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"SDS keeps you informed, engaged, and excited — Who doesn't want to be a part of that?"

Marketing strategy guru Leslie Farnsworth helps Hopkins re-engage alumni in their 30s and 40s as chair of the Krieger School's Second Decade Society
Posted February 18, 2016
Left to right: Leslie Farnsworth, A&S '96, Kimberly Hsu-Barber, A&S '95, former SDS National Chair, Natasha Yamaoka, A&S '94, former SDS Career Committee Co-Chair Left to right: Leslie Farnsworth, A&S '96, Kimberly Hsu-Barber, A&S '95, former SDS National Chair, Natasha Yamaoka, A&S '94, former SDS Career Committee Co-Chair

If you can't find entrepreneur and Krieger School alumna Leslie Farnsworth at one of the two Houston-based firms she founded, turn your eyes northeast. Far northeast. To Baltimore, where she leads the Second Decade Society, a leadership development board for alumni 10 to 20 years out.

"Leslie has come to campus and to so many events over the past year, it's been extraordinary," says Lindsay Esposito, assistant director for volunteer leadership in the Krieger School of Arts and Sciences and manager of the Second Decade Society. "She places Hopkins at the forefront of what she does."

The Second Decade Society is dedicated to enriching the student experience for Homewood undergraduates and preparing them for life after Hopkins.

Members of the volunteer board make a tangible impact through career services and counseling, summer internship grants, and the Florence "Meg" Walsh Leadership Award — a $25,000 stipend given annually to one graduating Krieger School senior to design and conduct an international independent project.

Farnsworth, A&S '96, founder and CEO of FrogDog, a national branding and marketing strategy consulting firm, and owner of Twin Flames Properties, a commercial real estate developer, rolls off the board this summer following her tenure as chair. She shares her thoughts with Rising about what's behind her fierce dedication to Hopkins and her favorite memories from her Second Decade service.

Why is Hopkins so important for you to support, even from thousands of miles away?

I had so many great professors, Nancy Streuver, Dick Macksey, to name a couple. It was a formative experience in the truest sense of the phrase. People assume that because I own a marketing strategy company that I have a business or communications degree. I don't. I majored in humanities — the history of ideas, how people go from thinking one way about a topic to another. And that's basically marketing, isn't it? That started at Hopkins.

What prompted you to re-engage with Hopkins as a volunteer leader?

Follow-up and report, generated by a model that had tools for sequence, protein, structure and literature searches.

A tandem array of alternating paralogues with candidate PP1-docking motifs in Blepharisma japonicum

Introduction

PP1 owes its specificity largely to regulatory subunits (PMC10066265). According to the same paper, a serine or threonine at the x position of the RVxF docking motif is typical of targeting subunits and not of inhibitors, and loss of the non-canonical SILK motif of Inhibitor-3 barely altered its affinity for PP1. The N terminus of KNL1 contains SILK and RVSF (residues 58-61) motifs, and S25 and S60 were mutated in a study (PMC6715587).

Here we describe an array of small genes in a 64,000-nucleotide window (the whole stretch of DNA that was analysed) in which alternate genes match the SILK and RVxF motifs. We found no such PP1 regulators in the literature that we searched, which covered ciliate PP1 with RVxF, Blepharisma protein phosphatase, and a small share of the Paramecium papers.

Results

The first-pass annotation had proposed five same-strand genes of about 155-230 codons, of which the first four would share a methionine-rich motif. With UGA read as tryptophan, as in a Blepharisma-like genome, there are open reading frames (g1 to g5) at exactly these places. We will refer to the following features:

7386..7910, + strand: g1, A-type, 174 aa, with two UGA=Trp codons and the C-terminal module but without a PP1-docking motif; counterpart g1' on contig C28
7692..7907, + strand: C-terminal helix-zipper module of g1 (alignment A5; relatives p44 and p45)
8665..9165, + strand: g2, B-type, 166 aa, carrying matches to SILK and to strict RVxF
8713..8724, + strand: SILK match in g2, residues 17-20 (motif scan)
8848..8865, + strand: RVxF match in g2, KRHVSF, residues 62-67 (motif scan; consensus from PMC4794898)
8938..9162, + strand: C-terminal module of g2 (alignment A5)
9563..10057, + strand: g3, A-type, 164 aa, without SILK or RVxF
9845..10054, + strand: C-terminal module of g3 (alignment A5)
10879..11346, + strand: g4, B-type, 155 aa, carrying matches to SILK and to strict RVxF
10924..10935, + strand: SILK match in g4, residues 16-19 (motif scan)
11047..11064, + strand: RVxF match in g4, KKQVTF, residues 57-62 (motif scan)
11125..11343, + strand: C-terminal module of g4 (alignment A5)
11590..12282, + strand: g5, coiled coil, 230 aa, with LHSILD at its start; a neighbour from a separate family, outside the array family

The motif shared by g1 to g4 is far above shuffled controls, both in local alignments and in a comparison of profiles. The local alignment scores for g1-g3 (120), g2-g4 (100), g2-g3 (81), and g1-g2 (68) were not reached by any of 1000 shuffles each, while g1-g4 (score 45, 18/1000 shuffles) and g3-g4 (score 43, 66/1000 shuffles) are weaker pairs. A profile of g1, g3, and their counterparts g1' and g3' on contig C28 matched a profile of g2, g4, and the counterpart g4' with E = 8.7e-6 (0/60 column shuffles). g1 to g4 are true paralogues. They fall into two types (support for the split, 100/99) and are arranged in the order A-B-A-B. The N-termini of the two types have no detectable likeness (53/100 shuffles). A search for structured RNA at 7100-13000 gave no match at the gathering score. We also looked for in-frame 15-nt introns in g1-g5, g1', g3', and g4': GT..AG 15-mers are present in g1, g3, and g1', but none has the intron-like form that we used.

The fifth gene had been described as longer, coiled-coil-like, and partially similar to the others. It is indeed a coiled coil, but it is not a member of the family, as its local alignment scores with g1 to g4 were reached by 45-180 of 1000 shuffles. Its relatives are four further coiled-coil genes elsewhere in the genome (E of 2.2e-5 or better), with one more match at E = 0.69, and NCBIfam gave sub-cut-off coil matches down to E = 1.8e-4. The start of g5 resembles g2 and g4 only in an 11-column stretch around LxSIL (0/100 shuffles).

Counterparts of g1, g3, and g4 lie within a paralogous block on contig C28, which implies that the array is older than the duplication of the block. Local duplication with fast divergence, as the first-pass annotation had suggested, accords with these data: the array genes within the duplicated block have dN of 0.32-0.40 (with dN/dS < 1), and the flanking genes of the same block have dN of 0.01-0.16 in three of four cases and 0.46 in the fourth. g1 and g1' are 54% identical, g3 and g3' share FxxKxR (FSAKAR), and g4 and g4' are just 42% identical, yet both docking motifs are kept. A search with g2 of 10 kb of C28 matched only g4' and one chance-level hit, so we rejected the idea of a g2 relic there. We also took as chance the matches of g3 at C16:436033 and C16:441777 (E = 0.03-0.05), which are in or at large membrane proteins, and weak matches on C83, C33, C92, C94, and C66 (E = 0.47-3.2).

You don't realize when you're at Hopkins, as a student, how lucky you are to be surrounded by brilliant people doing cool stuff. Then you graduate, move away, and your conversations with other people are so different. I missed the Hopkins people. When I moved home to Houston, I looked up the Alumni Association chapter and eventually served on its board and as its president for a few years.

What have you enjoyed most about your time on the Second Decade Society?

A lot of what we do directly engages current students at Hopkins. I feel like I'm making a difference. I can empathize with them and remember what they're going through. I’m established in my career now, but it wasn't too long ago that wasn't the case.

Can you give an example?

We heard a student last fall describe her Walsh Leadership Award project, which was to start a street newspaper in South America, something to engage and help the homeless. When she got there, though, she ran into a lot of frustrations because she'd made some incorrect cultural assumptions. She had to do a lot of improvising, and some parts of her project just weren't doable.

She seemed really disappointed, so I and some other members of the Second Decade Society spoke with her afterward. I told her that she'd had a hugely valuable life and learning experience; that this is exactly what you go to Hopkins for. You try, you hit a wall sometimes, and you struggle to come up with another solution. It was an eye-opening experience for her.

What's been your biggest priority as the board's chair?

Clarifying our strategy. Our board is engaged, but the focus has mostly been on "What do we need to do this year?" rather than an overarching strategy from which everything cascades. We've had some confusion about what the dues were going toward, what activities we're expected to take part in. I'm working to clarify that organizing principle to have better engagement with the dean and the school and better use our time and money. It's not sexy, but it's important.

Why is this alumni leadership board important for the Krieger School and Hopkins?

Membership in the Second Decade Society coincides with an age when alumni are starting to pick their philanthropic priorities. Dean Beverly Wendland has been wonderful about engaging with us, looping us in to her school and campaign priorities.

We also listen to presentations not just from the Krieger School, but other areas of the university. I've realized that they're telling us about a variety of things to find out what lights our fire and to stay involved after our time on this board.

The Second Decade Society keeps you informed, engaged, and excited — and ready to give back. Who doesn't want to be a part of that?